My sense is, if you think crude will rise by a lot, then buy crude oil (futures contracts). Don't buy silver. Crude is no magic crystal ball for where silver will go next.
Now here's another chart – it answers the question, "how many barrels of oil will once ounce of silver buy?" Or more generally, is silver overpriced or not? So check out 2011. One ounce of silver buys 0.52 barrels of oil. The message? Sell silver, buy crude!
Conclusion: this chart looks like a decent "silver is overpriced" indicator.
So is silver overpriced now? Definitely not, it is at the lower end of its range. Still, since the range is pretty broad, from 1/10 barrel to 1/2 oz per barrel, and right now we're only at 0.20. It could still drop by 50% and remain within the trading range! And one more thing: silver bought about 0.10-0.13 barrels of oil for about 9 years from 2001-2009. This tells me, the silver-crude ratio can stay depressed for a very long time.
So is the crude-silver ratio a good trade timing indicator? No. It gives you a basic sense: silver is probably relatively underpriced right now, but it can stay underpriced for nine years at a time.
So when people opine about this ratio or that ratio saying something important, I always go back to the charts, to see what they have to say.
Goldbug Mythbusters says: "interesting, but definitely not conclusive of a buy signal right now."
I think I'll continue to rely on my trend indicators and price/volume. They seem much more reliable.
Just my opinion.
Oil should certainly not be ignored Dave,
Without a question,oil has a strong relationship with silver price. It all has to do with production costs. Crude oil has risen over 400% in the last 10 years, and as a result the break-even price for my group of silver producers has gone up that much and more.
Silver price and break-even/production costs are relatively cyclical, but we already know that as I have posted these charts before….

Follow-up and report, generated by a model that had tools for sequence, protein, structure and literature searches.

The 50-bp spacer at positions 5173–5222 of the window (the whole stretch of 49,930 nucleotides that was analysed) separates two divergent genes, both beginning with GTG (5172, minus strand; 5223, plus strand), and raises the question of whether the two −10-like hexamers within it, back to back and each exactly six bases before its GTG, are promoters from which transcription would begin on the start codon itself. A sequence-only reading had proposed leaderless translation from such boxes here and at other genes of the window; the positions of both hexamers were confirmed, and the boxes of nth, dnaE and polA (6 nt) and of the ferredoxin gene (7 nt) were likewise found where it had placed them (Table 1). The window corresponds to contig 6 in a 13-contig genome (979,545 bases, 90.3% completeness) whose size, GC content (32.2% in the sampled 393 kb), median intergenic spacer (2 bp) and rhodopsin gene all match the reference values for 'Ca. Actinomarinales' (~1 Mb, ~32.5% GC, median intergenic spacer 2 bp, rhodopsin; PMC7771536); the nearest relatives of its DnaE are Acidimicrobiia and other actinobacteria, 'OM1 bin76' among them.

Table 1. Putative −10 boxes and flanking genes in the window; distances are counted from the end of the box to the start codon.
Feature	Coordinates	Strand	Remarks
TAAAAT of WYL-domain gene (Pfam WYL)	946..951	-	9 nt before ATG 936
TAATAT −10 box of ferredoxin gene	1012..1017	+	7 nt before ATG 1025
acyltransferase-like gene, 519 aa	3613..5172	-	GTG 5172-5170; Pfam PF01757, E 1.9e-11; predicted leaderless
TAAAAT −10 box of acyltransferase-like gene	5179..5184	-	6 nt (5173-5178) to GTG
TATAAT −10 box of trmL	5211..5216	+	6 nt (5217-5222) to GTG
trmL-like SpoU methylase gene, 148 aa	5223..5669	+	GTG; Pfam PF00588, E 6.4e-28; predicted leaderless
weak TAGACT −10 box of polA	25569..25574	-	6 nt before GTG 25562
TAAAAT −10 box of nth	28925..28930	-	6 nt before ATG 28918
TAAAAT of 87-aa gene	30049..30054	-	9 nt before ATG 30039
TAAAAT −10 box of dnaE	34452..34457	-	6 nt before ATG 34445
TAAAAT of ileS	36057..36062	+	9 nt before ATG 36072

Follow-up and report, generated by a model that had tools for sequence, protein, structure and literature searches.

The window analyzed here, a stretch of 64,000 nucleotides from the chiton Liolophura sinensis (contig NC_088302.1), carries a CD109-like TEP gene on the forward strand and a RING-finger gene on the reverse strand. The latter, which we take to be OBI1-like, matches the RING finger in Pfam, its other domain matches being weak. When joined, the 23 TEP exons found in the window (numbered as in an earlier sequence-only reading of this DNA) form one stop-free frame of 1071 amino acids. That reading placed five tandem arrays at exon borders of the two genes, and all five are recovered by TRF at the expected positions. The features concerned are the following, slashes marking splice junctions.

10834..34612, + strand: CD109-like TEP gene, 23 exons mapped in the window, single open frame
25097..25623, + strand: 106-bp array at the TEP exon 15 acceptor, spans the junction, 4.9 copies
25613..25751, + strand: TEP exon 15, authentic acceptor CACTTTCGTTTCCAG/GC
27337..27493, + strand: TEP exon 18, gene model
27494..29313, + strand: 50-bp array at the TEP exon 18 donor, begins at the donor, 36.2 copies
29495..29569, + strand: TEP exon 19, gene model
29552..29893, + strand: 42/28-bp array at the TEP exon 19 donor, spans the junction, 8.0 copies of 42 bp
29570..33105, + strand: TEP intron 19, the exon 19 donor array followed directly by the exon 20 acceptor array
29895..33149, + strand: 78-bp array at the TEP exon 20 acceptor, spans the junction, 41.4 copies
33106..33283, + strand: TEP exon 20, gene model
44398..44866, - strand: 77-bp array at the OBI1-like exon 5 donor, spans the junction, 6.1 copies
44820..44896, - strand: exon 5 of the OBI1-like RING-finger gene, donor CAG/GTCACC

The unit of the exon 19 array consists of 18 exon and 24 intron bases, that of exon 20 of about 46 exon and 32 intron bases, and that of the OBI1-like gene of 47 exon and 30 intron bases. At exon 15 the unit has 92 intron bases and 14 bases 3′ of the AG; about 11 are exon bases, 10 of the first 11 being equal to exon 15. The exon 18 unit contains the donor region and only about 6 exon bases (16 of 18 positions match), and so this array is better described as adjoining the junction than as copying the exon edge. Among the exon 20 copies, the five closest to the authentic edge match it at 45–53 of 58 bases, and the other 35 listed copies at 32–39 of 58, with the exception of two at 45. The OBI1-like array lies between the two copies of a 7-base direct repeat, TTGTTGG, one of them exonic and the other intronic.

We happen to be in a red period right right now which has indicated in the past that a green period comes shortly after….
Here is a chart showing just how predictive oil price is to silver price. Same dates 2004-2013 as I don't have earlier prices for these commodities. In that period, silver and oil have been 71% correlated. 71% accuracy is not bad at all for a predictive model. Far from perfect, but still very predictive. A few events really skewed the model. Remove 2008, and oil prices would be a very good predictor of silver prices.
Certainly, as the article mentioned, gold price is a much better predictor of silver price. 90% accuracy is great.
I made an error. The silver/crude plot is wrong. I was using my calculated break-even prices and not silver spot. Sorry about that.
I unfortunately don't have monthly averages for crude and my database is organized in such a way that calculating that would be tricky (hard to explain).
Maybe I will put that together tomorrow….
Why bother with the spot price in a tightly controlled market?
Both the price of silver and the price of the dollar are off with the fairies.
Here is a good video by Finance and Liberty that explains the role of energy in breakeven.
If the price of silver goes down on Sunday/Monday, it's not because the "powers that be" decided to smash the price of silver, it's because the trading pattern last week indicated a failure to cross an important resistance price point, and now the price of silver needs to find support.
(not my chart, borrowing it for JustAnotherLurker at TFmetalsreport. It's missing important support lines, but still nicely done.)
The last candle stick is indicating a drop in price. Hopefully we find support at $20.30ish or $20.00ish.